An across-the-board rise in passenger fares and an increase in freight rates this year haven’t improved Indian Railways’ financial health. The railways expects a shortfall of Rs 4,000 crore in budgeted passenger earnings. On the freight front, too, business lags targets - loading at the end of this financial year is estimated at 1,012 million tonnes (mt), against the targeted 1,025 mt.
As a result, internal revenue generation in 2012-13 may fall short of the target by about Rs 8,000 crore (Rs 80 billion). To add to woes, diesel prices were raised twice this year, wiping off half the additional revenue of Rs 6,600 crore (Rs 66 billion) the railways was expected to accrue from the passenger fare rise. The plan size has now been to about Rs 52,000 crore (Rs 520 billion).
Passenger earnings would stand at Rs 32,000 crore (Rs 320 billion), against the estimated Rs 36,000 crore (Rs 360 billion), owing to the rollback of the passenger fare rise (except in AC-I and AC-II classes) announced by former railway minister Dinesh Trivedi. “The additional earnings from the passenger fare rise in 2012-13 would be Rs 1,200 crore (Rs 12 billion). However, this did not help much, as the railways was already falling short of its passenger earning targets because of lower volumes,” said a railway official.
The railways is also expected to fall short of the freight earnings target, owing to the economic slowdown. Till December, its freight earnings stood at about 68 per cent of the budgeted target of Rs 89,000 crore. Freight earnings of Rs 61,434 crore (Rs 614.34 billion) in the April-December period are about 25 per cent more than in the corresponding period of 2011. This was primarily due to the pre-Budget across-the-board freight rise of about 25 per cent.
This financial year, the railways showed extreme fiscal prudence. It stuck to the targeted ordinary working expenses, including salaries and other running expenses (excluding pension fund and depreciation reserve fund), of Rs 84,400 crore (Rs 844 billion).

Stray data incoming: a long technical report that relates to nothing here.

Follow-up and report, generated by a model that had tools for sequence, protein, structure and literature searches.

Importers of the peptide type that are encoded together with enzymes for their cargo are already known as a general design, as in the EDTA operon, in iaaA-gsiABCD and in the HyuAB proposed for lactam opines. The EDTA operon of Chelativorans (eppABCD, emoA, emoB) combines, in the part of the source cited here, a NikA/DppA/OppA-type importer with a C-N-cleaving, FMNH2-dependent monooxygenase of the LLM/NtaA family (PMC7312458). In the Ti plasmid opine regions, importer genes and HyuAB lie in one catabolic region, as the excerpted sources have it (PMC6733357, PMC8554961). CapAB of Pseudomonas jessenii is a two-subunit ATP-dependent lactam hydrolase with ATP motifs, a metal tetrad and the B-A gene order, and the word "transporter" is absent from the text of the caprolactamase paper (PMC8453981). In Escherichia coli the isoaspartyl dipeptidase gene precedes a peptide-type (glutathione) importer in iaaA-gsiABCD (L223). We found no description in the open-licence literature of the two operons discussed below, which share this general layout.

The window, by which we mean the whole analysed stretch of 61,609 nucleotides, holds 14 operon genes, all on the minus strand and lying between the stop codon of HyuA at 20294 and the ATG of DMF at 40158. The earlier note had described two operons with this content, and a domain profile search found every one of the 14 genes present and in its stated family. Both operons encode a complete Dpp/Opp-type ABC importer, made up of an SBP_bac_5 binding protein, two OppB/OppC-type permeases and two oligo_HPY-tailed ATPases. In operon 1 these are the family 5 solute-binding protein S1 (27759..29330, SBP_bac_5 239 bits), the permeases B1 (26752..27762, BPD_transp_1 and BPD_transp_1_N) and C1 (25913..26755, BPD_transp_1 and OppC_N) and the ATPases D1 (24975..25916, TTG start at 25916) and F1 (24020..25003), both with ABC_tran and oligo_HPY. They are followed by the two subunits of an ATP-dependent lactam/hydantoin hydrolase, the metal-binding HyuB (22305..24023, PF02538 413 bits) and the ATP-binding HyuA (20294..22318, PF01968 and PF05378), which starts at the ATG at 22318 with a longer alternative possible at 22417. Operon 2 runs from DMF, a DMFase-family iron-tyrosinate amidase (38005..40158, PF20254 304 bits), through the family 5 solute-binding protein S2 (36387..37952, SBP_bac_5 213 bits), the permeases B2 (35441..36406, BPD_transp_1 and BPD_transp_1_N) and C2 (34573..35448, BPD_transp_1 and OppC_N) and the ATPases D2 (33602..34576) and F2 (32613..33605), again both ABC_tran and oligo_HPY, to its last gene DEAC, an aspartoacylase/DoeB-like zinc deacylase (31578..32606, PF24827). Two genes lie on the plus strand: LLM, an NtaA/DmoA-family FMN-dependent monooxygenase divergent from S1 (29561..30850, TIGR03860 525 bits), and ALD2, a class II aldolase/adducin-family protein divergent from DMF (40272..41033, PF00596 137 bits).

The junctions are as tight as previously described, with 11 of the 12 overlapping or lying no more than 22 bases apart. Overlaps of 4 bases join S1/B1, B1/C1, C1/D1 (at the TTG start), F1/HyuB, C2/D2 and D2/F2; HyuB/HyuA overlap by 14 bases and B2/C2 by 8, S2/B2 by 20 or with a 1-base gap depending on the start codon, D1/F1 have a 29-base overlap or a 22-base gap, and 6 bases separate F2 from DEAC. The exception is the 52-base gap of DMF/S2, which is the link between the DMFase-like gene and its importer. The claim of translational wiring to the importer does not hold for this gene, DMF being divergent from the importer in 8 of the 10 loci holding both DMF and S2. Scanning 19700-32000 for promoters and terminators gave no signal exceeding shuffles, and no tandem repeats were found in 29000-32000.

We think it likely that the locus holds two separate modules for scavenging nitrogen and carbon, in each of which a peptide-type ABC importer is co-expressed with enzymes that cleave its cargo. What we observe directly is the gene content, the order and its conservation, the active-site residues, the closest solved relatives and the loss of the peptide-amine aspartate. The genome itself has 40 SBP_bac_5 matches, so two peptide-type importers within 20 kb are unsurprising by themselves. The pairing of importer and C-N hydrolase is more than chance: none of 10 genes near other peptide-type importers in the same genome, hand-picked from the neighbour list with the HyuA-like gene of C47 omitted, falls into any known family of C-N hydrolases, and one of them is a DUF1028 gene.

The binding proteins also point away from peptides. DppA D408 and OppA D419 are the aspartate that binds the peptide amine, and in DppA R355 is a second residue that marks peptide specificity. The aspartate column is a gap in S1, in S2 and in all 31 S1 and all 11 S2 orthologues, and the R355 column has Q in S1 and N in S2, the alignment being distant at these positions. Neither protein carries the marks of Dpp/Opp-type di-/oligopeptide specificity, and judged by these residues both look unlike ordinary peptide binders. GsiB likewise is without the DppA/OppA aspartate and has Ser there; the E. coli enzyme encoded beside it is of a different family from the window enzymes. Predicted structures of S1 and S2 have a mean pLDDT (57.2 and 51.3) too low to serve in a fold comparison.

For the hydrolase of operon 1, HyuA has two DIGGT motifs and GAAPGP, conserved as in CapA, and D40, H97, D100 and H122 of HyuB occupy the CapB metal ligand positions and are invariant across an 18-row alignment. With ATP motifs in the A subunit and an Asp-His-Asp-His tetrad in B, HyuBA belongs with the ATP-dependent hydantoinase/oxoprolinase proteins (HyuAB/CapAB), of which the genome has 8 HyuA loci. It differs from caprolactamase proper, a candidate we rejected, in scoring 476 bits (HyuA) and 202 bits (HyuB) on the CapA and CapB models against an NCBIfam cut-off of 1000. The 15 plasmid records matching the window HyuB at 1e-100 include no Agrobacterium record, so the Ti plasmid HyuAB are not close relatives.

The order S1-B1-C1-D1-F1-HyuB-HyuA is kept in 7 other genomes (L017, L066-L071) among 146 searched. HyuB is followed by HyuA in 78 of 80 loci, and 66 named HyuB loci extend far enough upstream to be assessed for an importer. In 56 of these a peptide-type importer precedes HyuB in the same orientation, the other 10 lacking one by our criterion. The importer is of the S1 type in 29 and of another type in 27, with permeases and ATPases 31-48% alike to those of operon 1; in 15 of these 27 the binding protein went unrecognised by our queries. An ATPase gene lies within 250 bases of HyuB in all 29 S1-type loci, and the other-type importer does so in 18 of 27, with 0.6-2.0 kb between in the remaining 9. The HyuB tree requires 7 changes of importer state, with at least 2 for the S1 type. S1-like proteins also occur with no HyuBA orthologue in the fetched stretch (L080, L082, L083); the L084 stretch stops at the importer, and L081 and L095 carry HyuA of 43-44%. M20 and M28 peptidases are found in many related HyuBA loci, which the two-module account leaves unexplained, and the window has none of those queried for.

The railways also repaid the Centre a loan of Rs 3,000 crore (Rs 30 billion), at 8.5 per cent interest. The repayment period was two years. The railway ministry had sought the loan outside the gross budgetary support of Rs 24,000 crore. A senior ministry official said, “We stuck to our commitment of repaying the loan amount, rather than paying it back in two years. We have tried to maintain fiscal discipline in 2012-13, as the freight (rate) hike landed us in a very comfortable position.”
This financial year, the railways prioritised 360 projects worth Rs 4 lakh crore. A senior ministry official told Business Standard, “Right now, the railways is focusing on the existing shelf of projects. We have tied up funds for works at the zonal level. Also, the power to reappropriate funds from one work to another now vests with the board. Earlier, the zone was empowered for this.”
For the first time in about a decade, the railways didn’t opt for a supplementary demand for grants during parliamentary sessions, as it intended to focus its resources on budgeted works, rather than new ones, the official said.